Termination of parental rights is one of the most serious proceeding in family law. It is sometimes referred to as the "death penalty" of family law because of the serious effect the court’s decision has on the parent-child relationship. Indeed, all of the rights that exist by virtue of that relationship hang in the balance. Because so much is at stake, the legislature and the courts have reserved termination of parental rights for the most heinous parental misconduct, or where a parent knowingly and voluntarily has agreed to relinquish her or his parental rights. Termination of parental rights is most often sought in the context where a parent has abandoned, abused, failed to support, or neglected a child, or where a parent has voluntarily cut-off a relationship with a child and a stepparent has a desire to adopt the child. Where a parent has demonstrated over time that he or she will not provide the degree of care and support that will promote the healthy and orderly physical and emotional well-being of a child, it is generally in the best interests of the child for someone on the child’s behalf to employ the procedure for terminating the legal relationship between that parent and the child. Hopefully, termination of parental rights will be the first step in the process of providing a healthy and orderly plan of care for the child. In many cases, a plan of care is usually established through foster parents or adoption. Once a termination of parental rights order has been entered, the former parent has no legal rights to direct or control the child’s future in any way.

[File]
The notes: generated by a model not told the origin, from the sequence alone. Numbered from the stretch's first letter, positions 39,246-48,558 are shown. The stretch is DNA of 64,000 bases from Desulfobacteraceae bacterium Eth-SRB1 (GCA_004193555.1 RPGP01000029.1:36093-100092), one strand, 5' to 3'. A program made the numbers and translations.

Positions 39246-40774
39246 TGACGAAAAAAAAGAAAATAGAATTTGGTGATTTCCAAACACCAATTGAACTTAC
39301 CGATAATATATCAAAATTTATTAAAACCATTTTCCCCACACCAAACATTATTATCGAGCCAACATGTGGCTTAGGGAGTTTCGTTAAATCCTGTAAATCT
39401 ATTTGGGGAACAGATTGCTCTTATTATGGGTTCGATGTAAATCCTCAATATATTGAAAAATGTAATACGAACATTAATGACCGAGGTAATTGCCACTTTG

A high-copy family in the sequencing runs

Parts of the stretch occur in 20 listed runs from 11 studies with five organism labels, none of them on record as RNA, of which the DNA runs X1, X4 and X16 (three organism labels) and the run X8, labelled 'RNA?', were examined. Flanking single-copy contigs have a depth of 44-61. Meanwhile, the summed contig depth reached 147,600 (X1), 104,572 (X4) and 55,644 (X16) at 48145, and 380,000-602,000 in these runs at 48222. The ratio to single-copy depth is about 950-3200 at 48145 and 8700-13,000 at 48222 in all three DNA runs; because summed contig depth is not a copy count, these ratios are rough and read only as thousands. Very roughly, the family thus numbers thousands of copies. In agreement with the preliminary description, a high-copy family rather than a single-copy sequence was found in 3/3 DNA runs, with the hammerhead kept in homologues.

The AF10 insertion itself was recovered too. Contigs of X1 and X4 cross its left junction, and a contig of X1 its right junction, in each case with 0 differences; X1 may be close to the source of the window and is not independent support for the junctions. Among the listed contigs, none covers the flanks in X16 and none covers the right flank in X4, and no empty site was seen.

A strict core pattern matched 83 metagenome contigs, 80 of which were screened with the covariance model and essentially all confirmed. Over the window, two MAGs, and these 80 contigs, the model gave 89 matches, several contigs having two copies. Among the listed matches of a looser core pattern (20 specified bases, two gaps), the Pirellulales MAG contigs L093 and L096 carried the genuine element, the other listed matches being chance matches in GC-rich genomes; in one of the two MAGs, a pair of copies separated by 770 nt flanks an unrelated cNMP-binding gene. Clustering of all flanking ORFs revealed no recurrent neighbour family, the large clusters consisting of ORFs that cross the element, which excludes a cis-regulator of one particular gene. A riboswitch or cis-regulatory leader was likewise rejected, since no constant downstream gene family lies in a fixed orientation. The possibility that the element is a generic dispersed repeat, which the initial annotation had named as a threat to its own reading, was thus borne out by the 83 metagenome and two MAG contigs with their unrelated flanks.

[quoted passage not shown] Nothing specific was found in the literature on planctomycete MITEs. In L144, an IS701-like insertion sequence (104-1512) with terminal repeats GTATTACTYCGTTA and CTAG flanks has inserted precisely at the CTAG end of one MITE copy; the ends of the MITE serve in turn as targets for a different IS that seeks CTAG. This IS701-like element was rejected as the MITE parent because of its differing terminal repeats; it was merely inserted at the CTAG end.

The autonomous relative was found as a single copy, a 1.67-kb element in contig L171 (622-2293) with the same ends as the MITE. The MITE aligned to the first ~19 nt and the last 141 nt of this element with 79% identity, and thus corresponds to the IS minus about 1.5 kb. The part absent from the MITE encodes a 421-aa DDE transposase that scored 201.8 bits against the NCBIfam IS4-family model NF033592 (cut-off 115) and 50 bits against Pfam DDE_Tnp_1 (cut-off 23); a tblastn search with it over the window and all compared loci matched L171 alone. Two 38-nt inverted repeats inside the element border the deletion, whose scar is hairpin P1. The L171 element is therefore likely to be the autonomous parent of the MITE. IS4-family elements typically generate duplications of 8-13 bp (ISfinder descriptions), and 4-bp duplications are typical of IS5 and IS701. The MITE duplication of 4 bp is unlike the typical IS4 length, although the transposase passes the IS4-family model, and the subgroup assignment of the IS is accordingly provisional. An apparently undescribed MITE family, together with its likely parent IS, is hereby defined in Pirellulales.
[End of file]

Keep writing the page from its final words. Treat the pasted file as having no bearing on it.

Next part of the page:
In North Carolina there are ten statutorily established grounds for termination of parental rights. The court may terminate the parental rights upon a finding of one or more of the following: